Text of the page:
a. Continue sharing information on reducing regulatory burdens in agency

    rulemakings with OMB’s Office of Information and Regulatory Affairs (OIRA) to

    ensure agency compliance with the Regulatory Flexibility Act and other laws

    requiring agencies to analyze the impact of the regulations on small business .

    b. Continue to update and publish guidance and train Federal agencies on how to

    improve compliance with RFA and E.O.13272 and will comment on proposed

    Federal regulations and policies that would impose unnecessary or

    disproportionate burdens on small businesses.

    c. Continue to work with data collection agencies such as the Census Bureau and

    Bureau of Labor Statistics to improve the amount and quality of small business

    data needed for its economic research. SBA will reach into university

    entrepreneurship programs and identify generations of economists interested in

    studying small business dynamics and the important role small businesses play in

    the American economy. The goal is to spur next generation research by students

    and faculty, and to make more small business research available to policymakers.

    d. Identify issues of greatest concern to small businesses and to do so will rely more

    on information received directly from small businesses and their representatives.

    The SBA will host roundtables where issues can be raised by small entity

    stakeholders and Regional Advocates will be encouraged to communicate small

    business priorities throughout the country back to SBA. A Regulatory Alerts web

    page will be maintained giving small businesses an opportunity to review and

    comment on proposed Federal regulations.

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    e. Engage in partnerships with other organizations (e.g., Kauffman Foundation) to

    share costs in order to leverage its limited research dollars for research projects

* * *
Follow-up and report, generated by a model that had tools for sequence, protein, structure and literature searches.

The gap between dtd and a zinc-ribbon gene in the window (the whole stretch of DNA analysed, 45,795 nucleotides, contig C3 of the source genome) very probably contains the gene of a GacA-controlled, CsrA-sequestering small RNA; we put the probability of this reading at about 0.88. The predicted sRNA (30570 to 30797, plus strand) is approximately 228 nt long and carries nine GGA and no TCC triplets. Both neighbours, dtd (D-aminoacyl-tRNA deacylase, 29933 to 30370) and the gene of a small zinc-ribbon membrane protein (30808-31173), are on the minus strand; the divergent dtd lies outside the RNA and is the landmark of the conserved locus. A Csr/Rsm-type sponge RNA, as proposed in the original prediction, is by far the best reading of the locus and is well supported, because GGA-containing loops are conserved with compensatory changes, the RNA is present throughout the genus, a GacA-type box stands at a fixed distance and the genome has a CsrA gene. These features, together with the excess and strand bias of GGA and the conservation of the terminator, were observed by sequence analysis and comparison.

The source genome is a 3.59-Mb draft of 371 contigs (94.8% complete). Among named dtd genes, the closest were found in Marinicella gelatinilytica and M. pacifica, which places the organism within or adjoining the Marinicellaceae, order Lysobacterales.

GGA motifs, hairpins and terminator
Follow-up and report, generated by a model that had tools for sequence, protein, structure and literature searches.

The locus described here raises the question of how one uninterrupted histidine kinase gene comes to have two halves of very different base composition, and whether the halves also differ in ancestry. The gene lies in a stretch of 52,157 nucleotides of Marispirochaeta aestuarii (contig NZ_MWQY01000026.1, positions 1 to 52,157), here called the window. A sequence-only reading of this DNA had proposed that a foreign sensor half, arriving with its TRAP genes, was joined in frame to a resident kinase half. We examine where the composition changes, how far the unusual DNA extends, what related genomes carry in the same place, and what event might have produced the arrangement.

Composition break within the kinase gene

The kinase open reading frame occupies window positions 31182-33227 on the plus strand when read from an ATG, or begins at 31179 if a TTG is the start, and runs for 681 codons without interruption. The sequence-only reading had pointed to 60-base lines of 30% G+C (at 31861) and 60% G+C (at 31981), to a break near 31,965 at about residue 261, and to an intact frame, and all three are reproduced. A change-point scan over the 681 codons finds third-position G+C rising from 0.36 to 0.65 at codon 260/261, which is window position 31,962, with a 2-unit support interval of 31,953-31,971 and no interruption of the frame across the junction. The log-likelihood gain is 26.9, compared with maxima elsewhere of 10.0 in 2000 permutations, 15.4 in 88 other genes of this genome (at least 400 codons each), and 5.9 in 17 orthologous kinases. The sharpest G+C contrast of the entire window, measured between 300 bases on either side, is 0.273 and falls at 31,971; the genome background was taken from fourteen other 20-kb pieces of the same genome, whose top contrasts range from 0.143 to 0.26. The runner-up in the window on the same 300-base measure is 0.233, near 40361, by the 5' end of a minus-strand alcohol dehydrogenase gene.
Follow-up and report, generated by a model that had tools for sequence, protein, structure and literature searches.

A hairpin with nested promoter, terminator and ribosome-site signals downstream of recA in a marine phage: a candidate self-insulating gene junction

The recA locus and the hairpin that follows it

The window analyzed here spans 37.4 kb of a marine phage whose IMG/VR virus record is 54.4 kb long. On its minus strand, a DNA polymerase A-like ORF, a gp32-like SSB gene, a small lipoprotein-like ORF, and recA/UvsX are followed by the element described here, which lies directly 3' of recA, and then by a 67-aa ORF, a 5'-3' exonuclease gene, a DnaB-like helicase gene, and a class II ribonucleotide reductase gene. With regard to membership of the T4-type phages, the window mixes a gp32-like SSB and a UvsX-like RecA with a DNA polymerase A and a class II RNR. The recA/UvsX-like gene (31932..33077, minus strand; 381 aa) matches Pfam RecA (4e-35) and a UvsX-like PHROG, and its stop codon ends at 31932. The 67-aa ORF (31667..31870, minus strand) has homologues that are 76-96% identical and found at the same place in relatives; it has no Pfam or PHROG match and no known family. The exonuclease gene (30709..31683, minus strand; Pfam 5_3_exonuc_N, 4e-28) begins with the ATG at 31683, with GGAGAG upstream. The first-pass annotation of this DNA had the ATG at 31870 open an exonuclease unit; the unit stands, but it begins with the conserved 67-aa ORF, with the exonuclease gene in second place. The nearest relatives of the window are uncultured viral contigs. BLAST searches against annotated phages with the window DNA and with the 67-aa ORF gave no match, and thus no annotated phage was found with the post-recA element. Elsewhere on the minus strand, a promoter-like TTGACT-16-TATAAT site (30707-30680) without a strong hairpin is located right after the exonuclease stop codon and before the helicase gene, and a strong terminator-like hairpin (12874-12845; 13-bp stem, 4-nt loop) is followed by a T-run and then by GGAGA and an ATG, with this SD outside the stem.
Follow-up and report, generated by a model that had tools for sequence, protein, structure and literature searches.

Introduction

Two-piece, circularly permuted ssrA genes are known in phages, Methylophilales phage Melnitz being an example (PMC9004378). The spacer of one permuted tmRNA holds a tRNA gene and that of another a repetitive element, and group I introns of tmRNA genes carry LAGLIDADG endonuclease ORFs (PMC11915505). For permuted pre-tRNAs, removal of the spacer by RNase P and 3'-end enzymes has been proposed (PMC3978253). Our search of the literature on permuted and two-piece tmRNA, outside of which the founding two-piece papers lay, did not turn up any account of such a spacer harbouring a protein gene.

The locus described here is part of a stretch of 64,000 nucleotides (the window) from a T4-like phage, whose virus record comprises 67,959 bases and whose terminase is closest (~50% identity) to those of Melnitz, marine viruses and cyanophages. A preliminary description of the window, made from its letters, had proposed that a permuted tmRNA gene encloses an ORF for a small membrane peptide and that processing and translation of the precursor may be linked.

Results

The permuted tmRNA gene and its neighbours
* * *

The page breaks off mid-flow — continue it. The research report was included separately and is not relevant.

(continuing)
and conferences on issues of concern to small businesses. SBA will further

    leverage its staffing resources by engaging in Interagency Agreements to have

    skilled economists and/or lawyers detailed to Advocacy at no cost or shared cost.

The SBA, through the Office of the National Ombudsman (ONO), will:

    f. Continue to inform small businesses of their right to comment about excessive

    Federal regulatory enforcement activities and to encourage their participation in

    improving the regulatory process.

    g. Act as an impartial liaison between individual small businesses and Federal

    agencies and will continue to process and transmit to agencies small business

    comments that it receives regarding specific Federal regulatory enforcement

    actions, and will continue to request a fair review of the concerns expressed and a

    prompt response.

    h. Encourage Federal agencies to keep their information updated through Business

    Gateway since SBPRA requires each Federal Agency to designate a small

    business point of contact for compliance assistance.

    i. Continue to hold approximately 20 public events each year and to the extent

    practicable rotate event sites across the country.

    j. Continue to hold two Federal interagency meetings per year to discuss

    enforcement and compliance issues and at least one national meeting with its ten

    Regulatory Fairness Boards.

New Initiatives: No new initiatives are currently planned.

Program Evaluations:

No program evaluations are currently planned.

Key External Factors:

In developing these outcome measures and their specific 6-year performance targets,

    SBA has made what it believes are reasonable assumptions about the circumstances that

    will exist during this period. However

    a. Good rulemaking procedures tend to suffer during times of national emergency,

    when many regulations are promulgated on an expedited basis. For this reason,

    Advocacy’s ability to influence health or safety regulations could be adversely

    impacted if there were circumstances of national emergency.

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    b. There is a distinct possibility that future years’ savings will trend downward if

    Federal regulatory agencies internalize processes that result in rules with less

    impact from the outset. While this would mean that Outcome Measure 1.1.1 is

    not met, it would be a positive development in that case, as it would mean that

    significant success in achieving the intent of Outcome Measure 1.1.2 has reduced

    the opportunity to meet the target for 1.1.

    Key External Factors:

Fear of retaliation. One of the challenges for SBA is that many small businesses are

    reluctant to comment on Federal regulatory actions for fear of retaliation by Federal

    agencies. ONO, has therefore encouraged Federal agencies to adopt small business non-

    retaliation policies and will begin rating agencies on their efforts to adopt these policies

    in its annual report to Congress.

Long-term Objective 1.2. Minimize the taxation burden on small

    business through effective advocacy.

Strategy: